Sometimes it’s difficult to allow other people to help you. It’s tough to admit you can’t do everything and that you need help. In Blue Like Jazz Donald Miller writes about the difficulty of humbling ourselves and admitting we need God’s charity. God’s charity extends beyond salvation, though, and it can be just as hard to humble ourselves and admit we need additional charity, additional help. Accepting help . . . humbling myself . . . allowing other people to be a blessing to me . . . have been lessons God has been teaching me lately.
I am a busy homeschooling mom of six young children. I like people to think I have it all together. I like to prepare meals for other women. I like to send little encouraging notes. I like to be the giver, and it is uncomfortable for me to be the receiver, the one who needs meals, the one who needs encouraging notes.
Last fall, when it became obvious that some health issues were leading toward a surgery I did not desire, our Father impressed upon me my need to be honest and open and transparent about what was happening. So I told my friends and asked for their prayers. I shared my emotions and struggles as honestly as I could. I was uncomfortable.
In the days leading up to my surgery, I received a couple phone calls of encouragment. One motherly friend called with laryngitis, barely able to speak, to tell me she was praying and that I would come through fine. Another friend called to pray with me. Another called to share a Bible verse God had laid on her heart for me. Friends emailed assuring me of their prayers and well wishes. So many people called or visited the hospital this week that the hospital operator commented about what a popular girl I was. 🙂 I was overwhelmed with love and support.
Friends dropped by with flowers or chocolate. My nurse asked if I was a chocolate freak because I had so much chocolate in my room. Everybody who visited prayed with me. One friend came and sat with my while my husband took our children to AWANA Wednesday night. Though she’s pregnant and probably didn’t feel like it, she held the bowl while I threw up and she wiped my mouth. She helped me brush my teeth. And she watched me drift in and out of sleep. I was humbled. When several friends were visiting and I began to feel sick, they jumped into action, searching out a bigger bowl for me to hold and wetting a washcloth for my face. I was still rather dopey and their visit is a little bit of a blur, but I was so happy to see them. There I was, slurring my speech, straining to focus, wearing an unfashionable hospital gown. I was without a shower, without makeup, without styled hair. I was hovering over a bowl fighting off nausea. I was humbled. I definitely did not look like a woman who had it all together. Yet I felt so blessed.
Yesterday afternoon, I looked at the flowers and cards and goodies filling my room and named the people who had called or emailed or visited, and I said to my husband, “You know, if I had kept all this private and not told people what was happening, I would have missed out on all of this.” He nodded and smiled in agreement. Maybe I would have appeared more dignified and together, but I would have missed out on such a blessing.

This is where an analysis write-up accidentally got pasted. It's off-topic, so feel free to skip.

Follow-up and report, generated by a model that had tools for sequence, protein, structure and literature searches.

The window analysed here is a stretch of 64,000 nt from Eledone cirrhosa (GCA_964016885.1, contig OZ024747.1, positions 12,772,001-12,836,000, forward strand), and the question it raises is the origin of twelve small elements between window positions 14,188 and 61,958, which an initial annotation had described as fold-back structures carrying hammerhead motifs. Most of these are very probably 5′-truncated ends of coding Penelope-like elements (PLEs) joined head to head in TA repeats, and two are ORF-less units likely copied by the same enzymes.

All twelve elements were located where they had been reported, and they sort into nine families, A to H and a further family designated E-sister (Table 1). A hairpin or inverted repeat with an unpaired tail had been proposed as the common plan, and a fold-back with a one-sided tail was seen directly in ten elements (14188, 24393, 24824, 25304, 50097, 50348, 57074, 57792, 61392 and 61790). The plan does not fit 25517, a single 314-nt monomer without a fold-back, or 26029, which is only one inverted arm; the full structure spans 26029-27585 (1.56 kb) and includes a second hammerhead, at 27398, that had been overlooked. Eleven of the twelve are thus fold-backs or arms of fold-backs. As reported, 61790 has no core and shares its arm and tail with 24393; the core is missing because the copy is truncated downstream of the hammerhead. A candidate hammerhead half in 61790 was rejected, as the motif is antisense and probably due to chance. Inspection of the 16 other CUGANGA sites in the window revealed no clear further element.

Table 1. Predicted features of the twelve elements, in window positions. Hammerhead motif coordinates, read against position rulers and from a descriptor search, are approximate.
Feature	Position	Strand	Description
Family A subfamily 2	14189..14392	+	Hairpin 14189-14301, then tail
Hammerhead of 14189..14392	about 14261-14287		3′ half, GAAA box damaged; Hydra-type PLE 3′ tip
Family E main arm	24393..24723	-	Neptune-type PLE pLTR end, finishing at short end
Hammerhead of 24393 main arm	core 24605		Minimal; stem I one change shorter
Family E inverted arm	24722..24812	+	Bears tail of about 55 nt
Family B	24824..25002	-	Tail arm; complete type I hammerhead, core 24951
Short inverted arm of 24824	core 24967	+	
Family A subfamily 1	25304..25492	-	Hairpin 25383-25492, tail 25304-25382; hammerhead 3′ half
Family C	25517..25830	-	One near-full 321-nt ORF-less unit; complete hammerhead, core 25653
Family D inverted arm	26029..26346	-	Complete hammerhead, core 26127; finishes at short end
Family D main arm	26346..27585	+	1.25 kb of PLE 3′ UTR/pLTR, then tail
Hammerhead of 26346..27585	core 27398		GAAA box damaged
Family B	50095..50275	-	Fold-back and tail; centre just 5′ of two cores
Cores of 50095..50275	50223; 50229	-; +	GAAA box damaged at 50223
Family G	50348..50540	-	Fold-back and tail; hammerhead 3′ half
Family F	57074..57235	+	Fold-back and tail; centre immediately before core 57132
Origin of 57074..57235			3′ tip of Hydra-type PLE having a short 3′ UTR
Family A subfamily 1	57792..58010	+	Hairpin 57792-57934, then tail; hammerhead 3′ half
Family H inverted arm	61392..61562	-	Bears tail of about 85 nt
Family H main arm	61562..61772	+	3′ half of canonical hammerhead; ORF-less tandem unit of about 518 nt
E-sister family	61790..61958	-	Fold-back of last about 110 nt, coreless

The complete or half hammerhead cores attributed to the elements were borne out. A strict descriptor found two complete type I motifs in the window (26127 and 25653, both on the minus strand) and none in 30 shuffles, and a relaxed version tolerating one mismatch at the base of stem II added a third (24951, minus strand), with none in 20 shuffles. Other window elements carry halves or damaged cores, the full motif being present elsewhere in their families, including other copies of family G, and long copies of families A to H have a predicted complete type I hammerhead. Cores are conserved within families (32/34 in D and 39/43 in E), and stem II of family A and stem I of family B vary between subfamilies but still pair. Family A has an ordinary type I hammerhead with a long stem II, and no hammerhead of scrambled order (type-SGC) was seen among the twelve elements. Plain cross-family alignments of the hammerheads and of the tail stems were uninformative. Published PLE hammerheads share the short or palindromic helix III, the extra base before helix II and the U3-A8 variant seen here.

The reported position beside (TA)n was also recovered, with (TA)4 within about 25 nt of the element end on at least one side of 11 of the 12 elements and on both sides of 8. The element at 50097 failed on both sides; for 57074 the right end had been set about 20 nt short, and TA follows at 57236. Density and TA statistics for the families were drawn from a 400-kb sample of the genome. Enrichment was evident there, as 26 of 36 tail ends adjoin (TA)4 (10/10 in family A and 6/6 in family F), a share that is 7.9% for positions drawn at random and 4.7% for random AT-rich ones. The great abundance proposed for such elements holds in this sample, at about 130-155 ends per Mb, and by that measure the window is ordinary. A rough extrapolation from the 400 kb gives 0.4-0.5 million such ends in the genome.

Today, I watched my sister-in-law doing dishes and changing diapers and playing with my children. How difficult it is to not be doing those things myself! But how blessed I am to have her here serving me. A friend called to say she wants to bring a casserole to church on Sunday. We gladly accepted her offer. It’s difficult to acknowledge that we need charity, but God is showing His charity to us through the love of people. My pride wants to scream out in rebellion, but His Spirit prompts me to accept His charity in humility.
As people come into my home to help me and serve me, they are seeing my stacks of clutter, my unorganized closets, my piles of laundry. They’re seeing the dirty baseboards, the magic markers on the walls, the stains on the carpet, the unfinished projects. They’re seeing beyond the image I project to the real me, the one who is far from perfect, the one who is barely keeping the plates spinning. It’s humbling. It’s the antithesis of perfectionism. It’s painful. But I am being blessed as I allow others to serve me and as I receive their love.
I have not arrived at this point cheerfully or willingly. I came kicking and screaming. I wanted to be in control, and I had a full-fledged temper tantrum about this whole ordeal. But as I lay in the hospital bed yesterday knowing that so many people had seen me at my worst — when I was heavily medicated and didn’t even know what I was saying! — and they just wanted to be there to love on me and bless me, my heart attitude began to change.
Oh, in a couple days, I may be stressed again about the thought of someone seeing my house in such a mess, but I hope the Spirit gently reminds me that it’s not all that important. So what if people know I’m really only being held together by His power, that I’m a mess in my own strength, that I’m not able to do it all! I do need God’s charity, and I need the charity of His people. I need help. Right now, it’s obvious because I am physically not able to do things on my own, but it was true before this surgery and it will be true after I’m healed. I cannot do everything on my own, and I do need help. I need to allow other people the blessing of helping me.